Thursday, March 31, 2011

The Ever-Narrowing Path to an Ongoing GOP Majority (I Hope)

In November 2010, Republicans took control of the House of Representatives and numerous state governments. The question thus becomes whether this control is sustainable. From what I’ve seen so far, I think not. I continue to believe that the driving force behind most (but by no means all) Republican victories in November 2010 was the economy (and that force was largely dominated by misinformation and outright lies coming from the Republicans and FOX News). Certainly social issues played a part, but social issues, I believe, motivated the Republican base; those issues did not sway moderate and independent voters to come to the polls, let alone vote for Republicans, the way economic issues did.

But let’s look for a bit at what Republicans have done since taking control and reflect on how these issues and actions will impact the Republican base, moderate and independent voters, and the Democratic base. As you read through the following, ask yourself whether these actions will make each of those classes of people more or less likely to vote in 2012 and, if they do vote, whether they will vote for Republicans or Democrats.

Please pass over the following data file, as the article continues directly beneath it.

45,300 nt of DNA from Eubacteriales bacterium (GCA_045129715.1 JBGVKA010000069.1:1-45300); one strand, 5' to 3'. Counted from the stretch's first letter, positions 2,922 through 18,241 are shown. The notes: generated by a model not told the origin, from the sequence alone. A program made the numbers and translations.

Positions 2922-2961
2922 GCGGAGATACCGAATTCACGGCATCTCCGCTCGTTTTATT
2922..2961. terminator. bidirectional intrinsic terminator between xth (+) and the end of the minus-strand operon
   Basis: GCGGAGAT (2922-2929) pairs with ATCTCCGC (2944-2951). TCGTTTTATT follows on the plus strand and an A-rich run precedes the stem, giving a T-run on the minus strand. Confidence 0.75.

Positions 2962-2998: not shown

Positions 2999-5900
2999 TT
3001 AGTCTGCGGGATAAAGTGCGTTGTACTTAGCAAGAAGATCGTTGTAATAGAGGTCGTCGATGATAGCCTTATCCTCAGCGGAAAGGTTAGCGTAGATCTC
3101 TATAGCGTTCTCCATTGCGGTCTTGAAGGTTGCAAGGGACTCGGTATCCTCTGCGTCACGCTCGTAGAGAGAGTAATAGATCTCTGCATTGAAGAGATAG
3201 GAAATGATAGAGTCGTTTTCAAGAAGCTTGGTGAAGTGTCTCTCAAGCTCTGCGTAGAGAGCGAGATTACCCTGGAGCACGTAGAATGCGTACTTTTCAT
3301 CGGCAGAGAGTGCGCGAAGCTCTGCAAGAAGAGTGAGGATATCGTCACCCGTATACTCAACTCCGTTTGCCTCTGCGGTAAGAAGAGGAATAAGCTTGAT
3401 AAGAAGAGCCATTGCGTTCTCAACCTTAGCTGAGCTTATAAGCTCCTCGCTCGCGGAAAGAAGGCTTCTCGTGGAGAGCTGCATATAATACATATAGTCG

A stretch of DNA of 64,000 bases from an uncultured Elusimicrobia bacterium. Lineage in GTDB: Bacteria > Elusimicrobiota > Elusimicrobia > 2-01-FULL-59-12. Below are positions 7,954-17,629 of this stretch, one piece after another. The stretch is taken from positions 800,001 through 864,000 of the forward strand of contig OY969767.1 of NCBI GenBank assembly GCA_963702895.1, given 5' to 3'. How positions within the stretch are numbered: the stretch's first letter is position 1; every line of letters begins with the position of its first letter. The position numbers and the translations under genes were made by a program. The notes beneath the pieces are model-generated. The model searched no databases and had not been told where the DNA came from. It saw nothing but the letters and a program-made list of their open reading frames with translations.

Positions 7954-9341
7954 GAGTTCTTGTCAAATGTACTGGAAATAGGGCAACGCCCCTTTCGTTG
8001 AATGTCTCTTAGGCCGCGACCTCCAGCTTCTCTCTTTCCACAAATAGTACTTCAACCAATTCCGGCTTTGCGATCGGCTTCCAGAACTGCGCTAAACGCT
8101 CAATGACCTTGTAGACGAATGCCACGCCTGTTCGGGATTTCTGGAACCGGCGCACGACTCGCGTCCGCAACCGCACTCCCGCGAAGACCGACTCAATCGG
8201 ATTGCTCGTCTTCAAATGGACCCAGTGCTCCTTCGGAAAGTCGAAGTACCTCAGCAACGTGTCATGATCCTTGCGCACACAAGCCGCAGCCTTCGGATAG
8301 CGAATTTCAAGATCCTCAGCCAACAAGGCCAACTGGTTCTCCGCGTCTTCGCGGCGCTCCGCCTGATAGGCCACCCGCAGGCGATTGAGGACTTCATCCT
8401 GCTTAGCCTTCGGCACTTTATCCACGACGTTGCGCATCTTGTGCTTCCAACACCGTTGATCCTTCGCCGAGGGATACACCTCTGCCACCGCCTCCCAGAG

With regard to the economy, what exactly have Republicans done? Have they passed bills to increase employment or otherwise solve the unemployment crisis we face? For that matter, have they even introduced bills to address this concern? Or, speaking more broadly, what have Republicans, whether in Congress or state legislatures, done to improve the economic outlook for middle or lower class Americans? I’d contend that the answers to each of these questions is the sound of crickets — in other words, nothing.